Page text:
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Civilians in Ukraine must be protected from bombing and shelling in populated areas.

July 24, 2023

HI is outraged by the intensification of Russian attacks hitting civilians in populated areas and civilian infrastructure in recent weeks.

“HI strongly condemns the use of explosive weapons in populated areas and its consequences on civilians and civilian infrastructure in Ukraine. We demand an immediate end to the Russian bombing and shelling, which has increased at a terrifying rate over the last several weeks with devastating effects on civilians. Protection of civilians during armed conflict is a cornerstone of international humanitarian law: Indiscriminate or deliberate attacks against civilians are prohibited under international law. Heavy explosive weapons must not be used in populated areas. We also urge all parties to the conflict not to use landmines and cluster munitions that are banned respectively by the Ottawa and Oslo Conventions.”
—Alma Taslidzan, HI Disarmament Advocacy Manager

Russian attacks on civilians and civilian infrastructure have intensified in recent weeks:

From February 24, 2022, to June 18, 2023, the Office of the High Commissioner for Human Rights recorded 24,862 civilian casualties in Ukraine, including 9,083 dead and 15,779 wounded. The vast majority of civilian casualties in the war are the result of the use of explosive weapons in populated areas.

Bombing and shelling in urban areas have long last reverberating effects.

The use of explosive weapons in populated areas has serious reverberating effects: The injured require specialized medical and psychosocial care. Explosive weapons damage or destroy healthcare facilities, hindering the delivery of medical care. Housing and essential infrastructure - water and sewage treatment facilities and electricity supply systems - are damaged or destroyed, increasing the risk of diseases. Schools are damaged or destroyed, disrupting or depriving access to education. People are forced to leave their homes for long periods and under precarious conditions. Explosive weapons leave behind unexploded ordnance that kill and injure civilians long after the hostilities end. This contamination also prevents or delays reconstruction work, agricultural production, as well as the return of displaced persons. Contamination and destruction of vital infrastructure also impede the delivery of much-needed humanitarian assistance.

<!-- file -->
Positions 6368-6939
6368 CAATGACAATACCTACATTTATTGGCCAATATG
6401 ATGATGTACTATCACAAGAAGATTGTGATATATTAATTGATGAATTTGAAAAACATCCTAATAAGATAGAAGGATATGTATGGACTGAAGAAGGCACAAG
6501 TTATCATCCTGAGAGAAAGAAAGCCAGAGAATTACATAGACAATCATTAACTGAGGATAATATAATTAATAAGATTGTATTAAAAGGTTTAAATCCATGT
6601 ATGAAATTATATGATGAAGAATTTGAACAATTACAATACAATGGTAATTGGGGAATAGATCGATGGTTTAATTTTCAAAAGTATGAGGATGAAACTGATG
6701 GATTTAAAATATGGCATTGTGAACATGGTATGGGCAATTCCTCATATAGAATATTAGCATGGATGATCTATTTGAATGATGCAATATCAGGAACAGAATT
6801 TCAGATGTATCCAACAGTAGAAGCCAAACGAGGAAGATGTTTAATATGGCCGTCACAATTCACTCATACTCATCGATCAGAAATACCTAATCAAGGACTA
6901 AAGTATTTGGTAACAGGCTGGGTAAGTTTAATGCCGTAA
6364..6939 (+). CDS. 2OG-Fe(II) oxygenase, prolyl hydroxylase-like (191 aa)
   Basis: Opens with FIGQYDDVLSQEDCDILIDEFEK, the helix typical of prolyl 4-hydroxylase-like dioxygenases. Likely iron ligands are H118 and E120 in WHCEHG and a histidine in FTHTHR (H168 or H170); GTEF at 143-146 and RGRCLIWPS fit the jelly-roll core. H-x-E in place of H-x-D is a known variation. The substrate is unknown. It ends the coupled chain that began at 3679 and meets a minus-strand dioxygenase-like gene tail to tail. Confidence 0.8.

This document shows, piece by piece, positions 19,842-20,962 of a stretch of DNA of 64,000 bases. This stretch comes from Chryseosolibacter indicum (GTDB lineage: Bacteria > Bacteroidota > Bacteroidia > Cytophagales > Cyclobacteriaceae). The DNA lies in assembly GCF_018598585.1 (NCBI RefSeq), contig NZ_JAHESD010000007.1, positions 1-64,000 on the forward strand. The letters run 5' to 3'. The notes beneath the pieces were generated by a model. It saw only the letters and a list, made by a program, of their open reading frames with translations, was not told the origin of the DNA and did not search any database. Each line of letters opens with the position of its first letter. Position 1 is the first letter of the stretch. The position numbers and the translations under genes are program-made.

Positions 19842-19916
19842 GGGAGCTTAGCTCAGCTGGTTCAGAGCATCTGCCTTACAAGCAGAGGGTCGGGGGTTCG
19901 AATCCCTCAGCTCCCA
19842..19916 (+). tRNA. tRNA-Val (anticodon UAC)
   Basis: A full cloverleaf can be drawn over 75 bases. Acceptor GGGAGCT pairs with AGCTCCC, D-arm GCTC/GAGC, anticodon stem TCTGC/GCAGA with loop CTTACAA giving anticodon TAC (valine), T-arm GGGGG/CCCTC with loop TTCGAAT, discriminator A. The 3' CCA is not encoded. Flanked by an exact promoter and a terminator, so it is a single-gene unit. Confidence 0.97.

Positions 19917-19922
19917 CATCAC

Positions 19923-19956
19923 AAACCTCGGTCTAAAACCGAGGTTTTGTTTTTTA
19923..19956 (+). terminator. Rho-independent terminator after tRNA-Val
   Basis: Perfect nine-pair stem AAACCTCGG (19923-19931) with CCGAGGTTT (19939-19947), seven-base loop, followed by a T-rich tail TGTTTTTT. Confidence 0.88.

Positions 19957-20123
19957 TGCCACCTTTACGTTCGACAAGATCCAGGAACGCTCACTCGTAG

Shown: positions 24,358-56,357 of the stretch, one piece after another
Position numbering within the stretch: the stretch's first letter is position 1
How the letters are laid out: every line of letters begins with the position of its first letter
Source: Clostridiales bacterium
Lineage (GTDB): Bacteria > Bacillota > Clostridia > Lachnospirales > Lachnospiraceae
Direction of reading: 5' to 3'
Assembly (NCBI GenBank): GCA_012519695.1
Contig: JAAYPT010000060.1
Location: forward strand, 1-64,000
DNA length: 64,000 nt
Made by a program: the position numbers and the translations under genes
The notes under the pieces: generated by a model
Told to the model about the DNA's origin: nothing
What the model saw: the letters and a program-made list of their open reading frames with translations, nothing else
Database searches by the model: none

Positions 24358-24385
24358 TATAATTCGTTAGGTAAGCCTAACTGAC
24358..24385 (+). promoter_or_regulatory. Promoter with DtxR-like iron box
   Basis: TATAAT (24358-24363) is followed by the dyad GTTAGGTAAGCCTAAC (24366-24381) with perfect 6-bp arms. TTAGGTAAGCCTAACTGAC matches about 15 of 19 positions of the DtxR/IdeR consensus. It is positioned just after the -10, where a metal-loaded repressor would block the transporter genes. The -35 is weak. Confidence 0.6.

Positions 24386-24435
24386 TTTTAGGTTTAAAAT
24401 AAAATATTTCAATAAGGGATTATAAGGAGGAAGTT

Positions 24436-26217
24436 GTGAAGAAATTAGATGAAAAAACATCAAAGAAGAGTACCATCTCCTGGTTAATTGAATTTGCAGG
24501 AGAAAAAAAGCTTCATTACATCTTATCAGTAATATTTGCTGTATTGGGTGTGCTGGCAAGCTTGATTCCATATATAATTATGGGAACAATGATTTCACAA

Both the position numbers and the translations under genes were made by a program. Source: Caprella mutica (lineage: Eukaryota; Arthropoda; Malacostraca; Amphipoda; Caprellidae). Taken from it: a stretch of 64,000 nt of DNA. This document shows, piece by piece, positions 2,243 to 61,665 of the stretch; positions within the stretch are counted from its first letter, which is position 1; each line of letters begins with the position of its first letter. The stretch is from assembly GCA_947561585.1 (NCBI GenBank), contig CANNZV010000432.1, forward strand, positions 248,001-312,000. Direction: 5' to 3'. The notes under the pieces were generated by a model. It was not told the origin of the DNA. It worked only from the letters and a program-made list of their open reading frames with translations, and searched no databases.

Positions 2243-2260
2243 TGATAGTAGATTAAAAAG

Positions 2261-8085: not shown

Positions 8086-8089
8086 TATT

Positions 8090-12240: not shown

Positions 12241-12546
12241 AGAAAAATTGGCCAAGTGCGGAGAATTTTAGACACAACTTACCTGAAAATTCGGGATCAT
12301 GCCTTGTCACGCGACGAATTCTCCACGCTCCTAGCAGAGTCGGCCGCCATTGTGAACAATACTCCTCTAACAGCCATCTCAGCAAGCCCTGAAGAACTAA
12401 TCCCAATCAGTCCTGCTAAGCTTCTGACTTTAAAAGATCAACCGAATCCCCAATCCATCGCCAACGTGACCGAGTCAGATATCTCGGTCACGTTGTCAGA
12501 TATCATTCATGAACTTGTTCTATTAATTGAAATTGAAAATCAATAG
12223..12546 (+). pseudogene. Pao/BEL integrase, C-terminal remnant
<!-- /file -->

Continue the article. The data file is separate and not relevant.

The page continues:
About Humanity & Inclusion

HI is an independent international aid organization. It has been working in situations of poverty and exclusion, conflict and disaster for 40 years. Working alongside people with disabilities and other groups experiencing extreme hardship, our actions and testimony are focused on responding to their essential needs, improving their living conditions and promoting respect for their dignity and basic rights. Since it was founded in 1982, Humanity & Inclusion (formerly Handicap International) has set up development programs in more than 60 countries and intervenes in numerous emergency situations. There are eight national associations within the network (Germany, Belgium, Canada, United States, France, Luxembourg, UK and Switzerland), working tirelessly to mobilize resources, co-manage projects and increase the impact of the organization’s principles and actions. HI is one of six founding organizations of the International Campaign to Ban Landmines (ICBL), co-recipient of the 1997 Nobel Peace Prize and winner of the Conrad N. Hilton Award in 2011. HI takes action and campaigns in places where “living in dignity” is no easy task.”


Elizabeth Johnson Sellers,
Communications Director

Email: e[email protected]
Phone: +1 (240) 450-3538
Mobile: +1 (270) 847-3443


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